Posted by: kathandroger | November 19, 2012

Spinach.

When I was at Battersea Grammar School, we all had to have school meals. These were served to long tables by a gang of dinner ladies, and the veg always arrived in long metal boxes which were usually steaming and smelly. The prefects and senior boys were sat at the top of the table, and the food gradually  made its way down to the other end where we, the so called “weeds”, sat. I thought that all new pupils at secondary school were known as weeds, but Kath assures me it is not the case up north. Anyway, when the veg arrived at our end there was usually nothing in the cans, unless the veg was spinach! I still remember the stink and the groans when spinach arrived. To make matters worse, my elder sister wore dark green uniform knickers to her school, and the mess in the cans had more than a passing resemblance to those undesirable articles.

But now!! Spinach as we now know it is a revelation. I love it. We grow the perpetual variety, which is not well known in France, and we have supplied several of our French friends with seeds and they are all converted as well. It produces from June and we have still lots in the garden now. It will die down over the winter but then sprout again for several feeds before it goes to seed in springtime. We have loads in the freezer as well, and as long as the water is well drained after cooking it is almost as good as the fresh stuff. How times change!


Responses

  1. The reason the perpetual Spinach goes down so well is that it is a slightly more bitter form of chard… and not spinach.
    Have you tried growing Rainbow Chard… excellent!
    And, unlike the perpetual type, you don’t have to de-stalk… unless you want a spinach style dish… then keep the ribs and poach them in a beef or veg stock and serve up as a separate dish, covered with salt, pepper and oooodles of butter.
    Grow through the summer… cover in winter… pick until it stops growing [Jan usually]… dry mulch for the rest of the winter to protect from frost and it starts re-cropping from March onwards… until it starts to bolt [mid-May to mid-June].
    That really looks a good crop!

    • Agreement all round Tim! We also grow ruby chard, seeds from Italy, bought in Yorkshire, and grown here! I used to do the destalking and cooking stems separately with the perpetual spinach-the first growth in spring is almost like asparagus!

      • Slow on my reply here… busy getting the MK2 “cat-proof” bird feeder into action…
        I obviously used to let my perpetual spinach get too long in the tooth as only a Panda would have been able to eat the stems!!
        We also grow “Fordhook Giant” which is much closer to the chard on sale in the “supers” over here; stems about 2″ to 3″ wide at the base… great in Chinese cooking.
        Where in Yorkshire did you get the Italian seed? I know of only one source… Salvo’s in Headingley.

      • Bit slow on response Tim, sorry! We bought our seeds for Ruby Chard at Lewis and Cooper’s, a wonderful food shop in Northallerton. It was three years ago now and the last time we visited the seed section had dissappeared. We’re off again to Yorkshire later this year so if you need anything let us know.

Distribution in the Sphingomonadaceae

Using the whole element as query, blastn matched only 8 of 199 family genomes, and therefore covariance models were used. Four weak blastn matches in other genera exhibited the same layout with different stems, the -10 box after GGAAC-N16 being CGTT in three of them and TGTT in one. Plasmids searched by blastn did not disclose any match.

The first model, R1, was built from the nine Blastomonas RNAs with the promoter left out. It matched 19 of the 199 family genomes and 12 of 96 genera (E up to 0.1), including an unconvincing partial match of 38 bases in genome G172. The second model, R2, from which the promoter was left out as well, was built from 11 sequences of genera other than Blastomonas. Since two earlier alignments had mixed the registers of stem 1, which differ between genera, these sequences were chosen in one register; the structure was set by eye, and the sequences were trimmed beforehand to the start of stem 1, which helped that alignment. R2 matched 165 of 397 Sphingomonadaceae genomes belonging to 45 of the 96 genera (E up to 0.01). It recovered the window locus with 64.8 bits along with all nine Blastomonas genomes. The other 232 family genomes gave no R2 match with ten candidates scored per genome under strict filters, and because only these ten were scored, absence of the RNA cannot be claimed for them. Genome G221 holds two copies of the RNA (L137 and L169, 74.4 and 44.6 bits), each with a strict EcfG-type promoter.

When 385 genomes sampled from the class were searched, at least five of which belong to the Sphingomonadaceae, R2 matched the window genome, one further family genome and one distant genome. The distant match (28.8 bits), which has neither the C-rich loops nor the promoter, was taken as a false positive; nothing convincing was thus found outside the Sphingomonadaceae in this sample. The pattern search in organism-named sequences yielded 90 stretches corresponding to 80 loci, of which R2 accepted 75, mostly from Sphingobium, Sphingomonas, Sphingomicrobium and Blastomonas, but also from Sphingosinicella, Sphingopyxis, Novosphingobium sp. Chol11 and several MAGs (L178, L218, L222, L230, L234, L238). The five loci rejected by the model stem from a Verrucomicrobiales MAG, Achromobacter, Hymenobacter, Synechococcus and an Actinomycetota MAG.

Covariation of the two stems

• Another thought-have you a mulching attachment for Betsy? If I could hire it for a few days it could pay for your admission to Beauval- Kath didn’t mention the trees there, which to me were another great feature-all the leaves will have gone now.

      • What do you mean by a mulching attachment?
        We have a wood-chipper that goes from small stuff [up to half-a-puce] in the main hopper to a full 3 puces in the side shoot.
        Would that work? What were you thinking of using it for?
        Got rid of all the grotty cherry laurel stuff last year into a small pile that I distributed where we weren’t going to grow food…. and all the woody stuff up to three inches diameter into some very nice woodchip… so we now have a ‘green’ patio!!

      • Yes I should have said a chipper. We are converting an area behind my workshop into a games area, with table tennis and boules. The area is in full shade under a big walnut tree and grass won’t grow there, so we aim to cover in with a membrane and then with woodchip. We have loads of old acacia bits, too small to burn but ideal for chipping. If you can help we would be very grateful.

  2. Yes, fine…
    is your machine fitted with the Quick-release Assembly seen here:
    http://www.tracmaster.co.uk/Implement_Quick_Coupling_Assembly.html
    If not I’ll look up how to fit it…

    The Chipper is the one here:
    http://www.tracmaster.co.uk/Chipper_Shredder.html
    The video is good… death to all Lelandii!!

    The video shows him using it alone… the only way I can do that is to wrap Velcro round the dead-man’s handle!

    • At last! I have found my quick change attachment! I don’t usually use one as the only things I use on the BCS are the finger mower and the rotavator. The clearing of the ground for the games area has gone well and if it is possible in the next few weeks I would love to use the shredder. And what about some poles?

      • At long last am in a position to begin the new soft froot line… so poles, yes please!
        It will be best if we arrange a date for me to bring the thing over… but I might need a hand getting it aboard first… then I can come back with poles.
        Trailer is now working after ‘foine’ chewed the cables to shreds.

      • Tim, It may be better if you come and choose which poles you want. The originals have mostly been used now, but I intend to cut some more and you can show me exactly what you want. I will then deliver in my trailer and pick up the machine. We are here for the next couple of weeks, but off to UK for christmas. Roger. Read our blog at http://www.kathandroger.wordpress.com

        ________________________________


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